Running Puppeteer on AWS Lambda in a Docker container

The aim of this guide is to provide a working solution to generating a PDF version of a webpage using Puppeteer running in a Docker container as a Lambda function. The Docker container approach is used to bypass the 50MB Lambda code size limit. The other option is to use something like chrome-aws-lambda.

We’ll start with the Dockerfile, which assumes Lambda function with a node.js v16 engine called index.js with a named handler export:


# Required for puppeteer to run
RUN yum install -y amazon-linux-extras
RUN amazon-linux-extras install epel -y

# Chromium dependencies
RUN yum install -y \
  GConf2.x86_64 \
  alsa-lib.x86_64 \
  atk.x86_64 \
  cups-libs.x86_64 \
  gtk3.x86_64 \
  ipa-gothic-fonts \
  libXScrnSaver.x86_64 \
  libXcomposite.x86_64 \
  libXcursor.x86_64 \
  libXdamage.x86_64 \
  libXext.x86_64 \
  libXi.x86_64 \
  libXrandr.x86_64 \
  libXtst.x86_64 \
  pango.x86_64 \
  xorg-x11-fonts-100dpi \
  xorg-x11-fonts-75dpi \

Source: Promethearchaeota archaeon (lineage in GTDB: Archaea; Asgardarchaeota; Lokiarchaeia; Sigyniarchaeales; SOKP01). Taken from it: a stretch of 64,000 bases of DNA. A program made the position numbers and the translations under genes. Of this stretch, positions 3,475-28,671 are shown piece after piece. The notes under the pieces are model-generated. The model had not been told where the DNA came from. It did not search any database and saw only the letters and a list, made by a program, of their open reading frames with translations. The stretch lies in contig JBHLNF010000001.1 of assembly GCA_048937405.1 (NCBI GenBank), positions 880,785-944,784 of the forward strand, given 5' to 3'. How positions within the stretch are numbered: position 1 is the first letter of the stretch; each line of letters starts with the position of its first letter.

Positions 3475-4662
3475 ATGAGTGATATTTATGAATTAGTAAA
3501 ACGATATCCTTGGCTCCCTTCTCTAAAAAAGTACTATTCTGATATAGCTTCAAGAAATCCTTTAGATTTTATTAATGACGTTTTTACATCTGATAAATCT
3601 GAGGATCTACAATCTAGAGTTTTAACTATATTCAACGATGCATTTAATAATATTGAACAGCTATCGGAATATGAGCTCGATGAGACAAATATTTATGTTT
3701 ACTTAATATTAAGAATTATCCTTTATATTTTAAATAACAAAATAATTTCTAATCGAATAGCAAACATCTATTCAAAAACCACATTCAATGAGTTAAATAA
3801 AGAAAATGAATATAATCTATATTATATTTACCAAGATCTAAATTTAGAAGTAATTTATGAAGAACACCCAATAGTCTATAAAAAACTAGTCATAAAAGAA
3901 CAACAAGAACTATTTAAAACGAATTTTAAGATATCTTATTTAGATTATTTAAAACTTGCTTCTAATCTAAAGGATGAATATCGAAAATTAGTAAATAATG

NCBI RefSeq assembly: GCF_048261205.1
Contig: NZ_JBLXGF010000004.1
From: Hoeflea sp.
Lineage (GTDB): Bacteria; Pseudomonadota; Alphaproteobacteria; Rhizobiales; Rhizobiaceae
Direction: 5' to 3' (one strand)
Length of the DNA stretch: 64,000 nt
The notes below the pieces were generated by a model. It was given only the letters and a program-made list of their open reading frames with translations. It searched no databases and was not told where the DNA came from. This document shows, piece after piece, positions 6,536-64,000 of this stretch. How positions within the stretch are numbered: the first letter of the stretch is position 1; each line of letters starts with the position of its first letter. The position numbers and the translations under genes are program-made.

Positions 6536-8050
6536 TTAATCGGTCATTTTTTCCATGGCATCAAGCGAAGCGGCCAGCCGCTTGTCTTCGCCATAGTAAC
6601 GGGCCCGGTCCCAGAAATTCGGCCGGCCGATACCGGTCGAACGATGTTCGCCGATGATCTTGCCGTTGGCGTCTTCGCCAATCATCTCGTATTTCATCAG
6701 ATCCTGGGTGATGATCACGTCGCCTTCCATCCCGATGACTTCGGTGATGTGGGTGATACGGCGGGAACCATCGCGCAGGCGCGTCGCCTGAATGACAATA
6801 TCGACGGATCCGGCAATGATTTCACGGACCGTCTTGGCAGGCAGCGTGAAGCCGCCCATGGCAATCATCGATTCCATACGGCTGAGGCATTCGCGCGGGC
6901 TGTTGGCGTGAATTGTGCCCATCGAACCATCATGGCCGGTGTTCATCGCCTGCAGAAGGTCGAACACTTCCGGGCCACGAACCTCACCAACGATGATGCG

xorg-x11-fonts-Type1 \
  xorg-x11-fonts-cyrillic \
  xorg-x11-fonts-misc \

RUN yum update -y nss

# Chromium needs to be installed as a system dependency, not via npm; otherwise there will be an error about missing libatk-1.0
RUN yum install -y chromium

COPY index.js package.json package-lock.json ${LAMBDA_TASK_ROOT}

RUN npm ci --omit=dev

CMD [ "index.handler" ]

The above Dockerfile assures all required dependencies are in place. The next step is to setup the Puppeteer’s launch. Here is the relevant snippet from the Lambda function code:

import puppeteer from 'puppeteer'

const viewportOptions = {
  args: [
    // Flags for running in Docker on AWS Lambda
  defaultViewport: null,
  headless: true,

const browser = await puppeteer.launch(viewportOptions)

try {
  const page = await browser.newPage()

  const url = 'https://...'

  await page.goto(url, { waitUntil: ['domcontentloaded', 'networkidle0'] })
  await page.emulateMediaType('print')

  const pdf = await page.pdf({})
} catch (error) {